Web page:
Xbox One, PS4, PC, Nintendo Switch, PS5, Xbox Series X
October 17, 2023
Sonic Team has done it again! And by done it again, I mean created a truly mixed bag: a game that’s great in some areas, so good that it almost makes you think Sonic is “back again”, only to sabotage itself with poorly implemented new mechanics and some baffling design decisions. At its best, Sonic Superstars is pure classic Sonic excellence with fun, fast, 2D platforming through a variety of charming levels. It’s brought down by some truly frustrating boss battles and the completely uninteresting battle mode, but if you’re a Sonic fan, you’ll probably still enjoy yourself most of the way through.
Eggman and Fang the Hunter (Née the Sniper) are terrorising the Northstar Islands, capturing its animal inhabitants and turning them into robots in service of their terrible plans. What are those plans? Who knows, and who cares! We all know it doesn’t really matter; Eggman bad, time to kick his butt. This is partly what makes Sonic Superstars hit so close to its nostalgic roots, before the Sonic franchise started including human characters and warehog gimmicks.
Like Sonic Mania, Sonic Superstars aims to bring players back to the days of 2D Sonic, with bright, vibrant levels that feature multiple routes through to the goal. But where Sonic Mania uses nostalgic 16-bit graphics, Superstars brings some 3D charm. The zones are not quite as inventive as Mania in my view, but there are still some standout Zones, like Golden Capital Zone and Egg Fortress Zone. More importantly, the layout of the levels allows plenty of opportunities to hit and maintain top speed, which feels like a reward in and of itself. There are heaps of launch pads, loop-de-loops, chutes, and boost pads to keep your character moving. There are some new and inventive enemies that are placed around each level in thoughtful ways, and the bosses are (most of the time) cool and inventive. Unfortunately, boss fights begin to get frustrating about half-way through, as the game stretches fights into multiple-phase gauntlets with no or few chances to recover rings, and no checkpoints in between. They’re never that hard; just good luck not getting hit twice for a whole five minutes.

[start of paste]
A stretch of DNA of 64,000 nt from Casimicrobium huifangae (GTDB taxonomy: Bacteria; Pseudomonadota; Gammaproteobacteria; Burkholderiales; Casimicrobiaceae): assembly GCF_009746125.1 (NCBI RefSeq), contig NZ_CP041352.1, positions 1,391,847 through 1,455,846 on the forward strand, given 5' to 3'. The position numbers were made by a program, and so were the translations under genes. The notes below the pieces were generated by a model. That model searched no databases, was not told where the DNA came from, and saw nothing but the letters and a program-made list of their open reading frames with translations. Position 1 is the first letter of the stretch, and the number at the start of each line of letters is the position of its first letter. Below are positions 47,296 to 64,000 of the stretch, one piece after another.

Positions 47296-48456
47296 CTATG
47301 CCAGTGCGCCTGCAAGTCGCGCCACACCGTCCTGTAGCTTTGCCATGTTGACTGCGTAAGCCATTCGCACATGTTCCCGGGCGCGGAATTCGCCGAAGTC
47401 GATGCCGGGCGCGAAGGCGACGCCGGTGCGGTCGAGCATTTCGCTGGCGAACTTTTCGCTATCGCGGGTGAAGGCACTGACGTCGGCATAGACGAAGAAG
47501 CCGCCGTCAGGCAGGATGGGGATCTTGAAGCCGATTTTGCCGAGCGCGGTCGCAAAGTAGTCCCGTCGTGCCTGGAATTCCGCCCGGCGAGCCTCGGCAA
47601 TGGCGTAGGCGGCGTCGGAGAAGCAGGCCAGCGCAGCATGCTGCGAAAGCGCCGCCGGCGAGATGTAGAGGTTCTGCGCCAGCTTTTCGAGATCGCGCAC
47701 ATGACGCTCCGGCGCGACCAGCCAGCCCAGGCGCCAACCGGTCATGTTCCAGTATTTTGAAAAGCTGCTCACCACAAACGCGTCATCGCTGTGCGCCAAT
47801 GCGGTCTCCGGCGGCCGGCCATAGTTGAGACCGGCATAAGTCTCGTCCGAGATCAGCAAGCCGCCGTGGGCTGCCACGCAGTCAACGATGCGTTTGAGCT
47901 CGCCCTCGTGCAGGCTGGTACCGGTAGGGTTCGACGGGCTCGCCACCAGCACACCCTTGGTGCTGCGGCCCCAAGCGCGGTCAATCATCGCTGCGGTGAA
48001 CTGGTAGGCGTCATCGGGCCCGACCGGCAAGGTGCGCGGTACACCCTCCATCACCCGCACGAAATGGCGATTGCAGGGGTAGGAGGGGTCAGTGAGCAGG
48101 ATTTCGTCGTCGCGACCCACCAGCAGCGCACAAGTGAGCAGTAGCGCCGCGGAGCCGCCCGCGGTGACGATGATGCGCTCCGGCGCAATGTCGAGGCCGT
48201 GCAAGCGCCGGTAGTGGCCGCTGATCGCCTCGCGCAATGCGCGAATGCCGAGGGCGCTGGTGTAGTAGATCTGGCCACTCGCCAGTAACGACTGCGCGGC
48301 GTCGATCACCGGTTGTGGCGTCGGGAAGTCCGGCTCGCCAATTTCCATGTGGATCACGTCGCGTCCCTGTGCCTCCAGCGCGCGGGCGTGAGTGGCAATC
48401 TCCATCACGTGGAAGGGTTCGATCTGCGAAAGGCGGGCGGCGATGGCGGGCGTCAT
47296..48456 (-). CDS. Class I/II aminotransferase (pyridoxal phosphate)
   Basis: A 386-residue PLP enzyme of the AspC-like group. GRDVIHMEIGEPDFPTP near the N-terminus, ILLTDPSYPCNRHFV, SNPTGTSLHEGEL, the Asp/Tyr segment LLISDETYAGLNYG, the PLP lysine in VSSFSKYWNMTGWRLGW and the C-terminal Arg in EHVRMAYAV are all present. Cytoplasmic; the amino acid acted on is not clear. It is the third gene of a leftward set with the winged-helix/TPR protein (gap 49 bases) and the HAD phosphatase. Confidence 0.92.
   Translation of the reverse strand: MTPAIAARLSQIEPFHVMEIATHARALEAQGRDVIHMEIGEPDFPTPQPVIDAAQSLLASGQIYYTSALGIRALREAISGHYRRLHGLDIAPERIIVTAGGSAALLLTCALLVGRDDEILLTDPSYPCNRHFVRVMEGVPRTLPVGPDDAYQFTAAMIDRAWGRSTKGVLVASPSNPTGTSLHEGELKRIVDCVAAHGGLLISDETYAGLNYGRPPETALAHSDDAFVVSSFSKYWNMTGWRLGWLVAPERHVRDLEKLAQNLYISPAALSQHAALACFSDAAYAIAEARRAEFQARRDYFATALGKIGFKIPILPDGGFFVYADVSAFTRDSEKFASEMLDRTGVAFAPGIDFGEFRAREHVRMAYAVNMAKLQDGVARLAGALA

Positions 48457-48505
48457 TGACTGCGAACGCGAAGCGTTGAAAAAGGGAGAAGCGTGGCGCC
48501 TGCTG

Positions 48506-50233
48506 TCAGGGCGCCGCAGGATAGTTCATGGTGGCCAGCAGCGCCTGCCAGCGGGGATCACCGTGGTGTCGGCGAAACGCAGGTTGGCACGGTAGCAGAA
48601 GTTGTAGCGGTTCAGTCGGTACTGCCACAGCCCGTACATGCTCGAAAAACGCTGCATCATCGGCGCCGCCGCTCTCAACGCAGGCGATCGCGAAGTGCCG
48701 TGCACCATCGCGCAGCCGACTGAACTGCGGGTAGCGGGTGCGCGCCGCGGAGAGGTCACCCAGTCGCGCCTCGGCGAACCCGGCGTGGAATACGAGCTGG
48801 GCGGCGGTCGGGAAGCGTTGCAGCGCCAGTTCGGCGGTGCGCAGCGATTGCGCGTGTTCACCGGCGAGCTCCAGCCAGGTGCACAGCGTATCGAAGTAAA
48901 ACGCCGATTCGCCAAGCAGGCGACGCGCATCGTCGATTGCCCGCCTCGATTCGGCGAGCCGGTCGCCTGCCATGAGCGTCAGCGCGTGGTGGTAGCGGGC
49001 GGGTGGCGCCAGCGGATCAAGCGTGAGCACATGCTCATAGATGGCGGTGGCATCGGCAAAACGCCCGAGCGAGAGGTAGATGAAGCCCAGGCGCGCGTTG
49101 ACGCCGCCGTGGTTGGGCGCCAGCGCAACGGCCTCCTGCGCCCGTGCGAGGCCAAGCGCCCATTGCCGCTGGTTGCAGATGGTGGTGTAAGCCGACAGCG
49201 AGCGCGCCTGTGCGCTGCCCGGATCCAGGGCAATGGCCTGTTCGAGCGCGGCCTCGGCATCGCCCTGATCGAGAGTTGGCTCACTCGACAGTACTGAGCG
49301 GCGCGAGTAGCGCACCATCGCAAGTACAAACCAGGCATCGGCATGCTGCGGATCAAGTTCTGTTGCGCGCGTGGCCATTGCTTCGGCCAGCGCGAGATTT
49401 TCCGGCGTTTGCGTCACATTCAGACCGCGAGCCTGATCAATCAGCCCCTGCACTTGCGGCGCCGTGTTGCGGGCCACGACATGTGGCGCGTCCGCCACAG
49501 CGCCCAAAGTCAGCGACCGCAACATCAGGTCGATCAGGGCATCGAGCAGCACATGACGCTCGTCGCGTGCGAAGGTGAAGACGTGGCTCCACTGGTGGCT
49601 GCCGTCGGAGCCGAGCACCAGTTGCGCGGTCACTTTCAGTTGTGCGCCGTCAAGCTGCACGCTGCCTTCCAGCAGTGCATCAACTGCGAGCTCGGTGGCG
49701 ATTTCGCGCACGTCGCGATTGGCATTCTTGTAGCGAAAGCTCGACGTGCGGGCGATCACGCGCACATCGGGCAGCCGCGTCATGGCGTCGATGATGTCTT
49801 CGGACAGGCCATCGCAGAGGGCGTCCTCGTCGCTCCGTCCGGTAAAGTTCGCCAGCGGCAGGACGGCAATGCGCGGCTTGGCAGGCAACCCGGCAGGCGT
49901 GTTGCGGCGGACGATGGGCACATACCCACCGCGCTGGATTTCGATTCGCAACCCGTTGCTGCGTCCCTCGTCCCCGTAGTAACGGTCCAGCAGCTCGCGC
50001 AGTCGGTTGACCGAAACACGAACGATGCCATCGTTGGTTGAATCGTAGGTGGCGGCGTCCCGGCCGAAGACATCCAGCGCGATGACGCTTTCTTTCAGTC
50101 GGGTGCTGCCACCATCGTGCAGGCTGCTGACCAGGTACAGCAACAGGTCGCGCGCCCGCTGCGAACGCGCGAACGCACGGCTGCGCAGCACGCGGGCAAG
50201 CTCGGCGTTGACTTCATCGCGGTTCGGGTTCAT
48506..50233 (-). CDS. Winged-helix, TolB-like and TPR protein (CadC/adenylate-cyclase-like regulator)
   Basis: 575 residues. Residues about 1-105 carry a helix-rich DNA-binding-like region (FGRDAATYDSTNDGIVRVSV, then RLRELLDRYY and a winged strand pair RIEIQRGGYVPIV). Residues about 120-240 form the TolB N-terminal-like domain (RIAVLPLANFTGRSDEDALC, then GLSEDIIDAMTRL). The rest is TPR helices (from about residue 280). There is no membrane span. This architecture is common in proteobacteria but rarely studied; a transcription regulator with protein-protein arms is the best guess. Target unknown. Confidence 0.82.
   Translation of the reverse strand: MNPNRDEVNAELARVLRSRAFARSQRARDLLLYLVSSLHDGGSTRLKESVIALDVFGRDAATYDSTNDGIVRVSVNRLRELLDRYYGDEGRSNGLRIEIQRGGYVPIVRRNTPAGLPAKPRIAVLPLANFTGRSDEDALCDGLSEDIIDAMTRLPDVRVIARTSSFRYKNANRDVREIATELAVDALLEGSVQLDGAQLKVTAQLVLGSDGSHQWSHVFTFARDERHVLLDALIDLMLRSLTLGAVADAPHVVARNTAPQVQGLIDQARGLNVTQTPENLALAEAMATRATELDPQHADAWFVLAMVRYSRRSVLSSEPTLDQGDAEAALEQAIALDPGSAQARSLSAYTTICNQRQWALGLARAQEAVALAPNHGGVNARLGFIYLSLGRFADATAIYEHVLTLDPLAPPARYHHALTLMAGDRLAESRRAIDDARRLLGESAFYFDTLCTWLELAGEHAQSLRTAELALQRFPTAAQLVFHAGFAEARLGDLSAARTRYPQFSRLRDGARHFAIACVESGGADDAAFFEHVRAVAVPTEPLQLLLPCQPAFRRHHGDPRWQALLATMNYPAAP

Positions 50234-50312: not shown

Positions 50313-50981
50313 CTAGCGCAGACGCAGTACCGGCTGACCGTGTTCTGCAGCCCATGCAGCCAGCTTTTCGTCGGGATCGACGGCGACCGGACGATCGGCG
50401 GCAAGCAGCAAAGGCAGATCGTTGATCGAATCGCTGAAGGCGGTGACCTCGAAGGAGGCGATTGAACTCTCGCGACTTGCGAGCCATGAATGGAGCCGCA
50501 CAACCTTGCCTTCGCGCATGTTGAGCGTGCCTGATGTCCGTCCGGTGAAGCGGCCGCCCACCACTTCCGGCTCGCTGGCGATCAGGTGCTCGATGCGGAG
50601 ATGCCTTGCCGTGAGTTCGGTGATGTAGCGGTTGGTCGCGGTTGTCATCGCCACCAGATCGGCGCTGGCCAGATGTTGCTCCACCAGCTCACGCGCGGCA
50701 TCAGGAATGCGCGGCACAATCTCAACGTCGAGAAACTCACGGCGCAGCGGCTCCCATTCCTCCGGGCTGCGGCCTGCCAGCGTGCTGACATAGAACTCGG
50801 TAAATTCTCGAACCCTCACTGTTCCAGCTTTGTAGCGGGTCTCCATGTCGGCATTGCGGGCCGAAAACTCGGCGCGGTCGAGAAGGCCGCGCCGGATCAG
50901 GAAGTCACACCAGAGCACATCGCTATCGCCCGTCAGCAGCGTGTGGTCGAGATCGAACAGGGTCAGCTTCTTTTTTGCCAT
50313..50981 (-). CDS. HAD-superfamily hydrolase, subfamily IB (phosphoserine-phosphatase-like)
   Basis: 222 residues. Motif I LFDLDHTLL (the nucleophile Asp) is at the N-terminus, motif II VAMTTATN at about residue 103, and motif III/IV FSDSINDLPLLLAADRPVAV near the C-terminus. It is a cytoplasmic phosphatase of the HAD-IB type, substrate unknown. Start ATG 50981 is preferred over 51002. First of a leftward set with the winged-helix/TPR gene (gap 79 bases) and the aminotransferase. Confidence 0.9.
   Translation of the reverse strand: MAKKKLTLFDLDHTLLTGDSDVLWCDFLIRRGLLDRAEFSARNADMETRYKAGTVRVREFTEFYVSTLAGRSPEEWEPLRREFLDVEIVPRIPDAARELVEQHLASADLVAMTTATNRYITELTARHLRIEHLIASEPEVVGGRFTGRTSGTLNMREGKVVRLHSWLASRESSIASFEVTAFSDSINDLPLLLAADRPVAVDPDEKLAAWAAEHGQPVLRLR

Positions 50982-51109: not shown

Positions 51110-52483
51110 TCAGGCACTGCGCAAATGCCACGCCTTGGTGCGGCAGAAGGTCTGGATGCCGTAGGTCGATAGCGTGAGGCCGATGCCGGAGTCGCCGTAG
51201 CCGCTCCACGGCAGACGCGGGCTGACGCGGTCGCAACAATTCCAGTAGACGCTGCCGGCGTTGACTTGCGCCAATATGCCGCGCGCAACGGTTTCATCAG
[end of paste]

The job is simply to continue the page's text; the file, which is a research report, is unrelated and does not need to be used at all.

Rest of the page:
“Layout of the levels allows plenty of opportunities to hit and maintain top speed, which feels like a reward in and of itself.”
The playable characters and enemies look gorgeous, and the level environments are packed with detail. I especially love the backgrounds, which can include some actual environmental storytelling and foreshadowing of future bosses and mechanics. Sometimes you will even see the characters you’re not currently controlling interacting with some background detail, which is super cute and makes you feel like you’re on a group adventure even when you’re playing solo. There’s no dialogue in Superstars. All storytelling is either environmental or communicated by a series of short gestures, just like the Sonic classics of old.
It’s great to see good ol’ Fang in a game after so long: the last time he was properly featured was the spin-off arcade fighter Sonic the Fighters (1996) as one of the playable characters. Sonic Superstars places him properly as one of the villains alongside Eggman and a brand new character to the franchise, Trip the Sungazer lizard. Trip is as adorable as the rest of them, and has special abilities of her own. She can scale walls faster than knuckles and also sports a double jump like Amy, which makes her very fun to use. Once you finish the story, you unlock Trip’s Story, which takes you through a new version of all the Acts that have been lightly redesigned with Trip’s abilities in mind and well as featuring some new bosses.
It’s great to have a modern game so reminiscent of the old days, but it must be said that it seems a hard ask to pay full AAA price for a game so deliberately scaled back in content, especially when Sonic Mania was about half that price on its original release. To combat this, Sonic Superstars has made a few additions that they clearly hoped would add value to the game, but what was added was regrettably the weakest link in the game by far.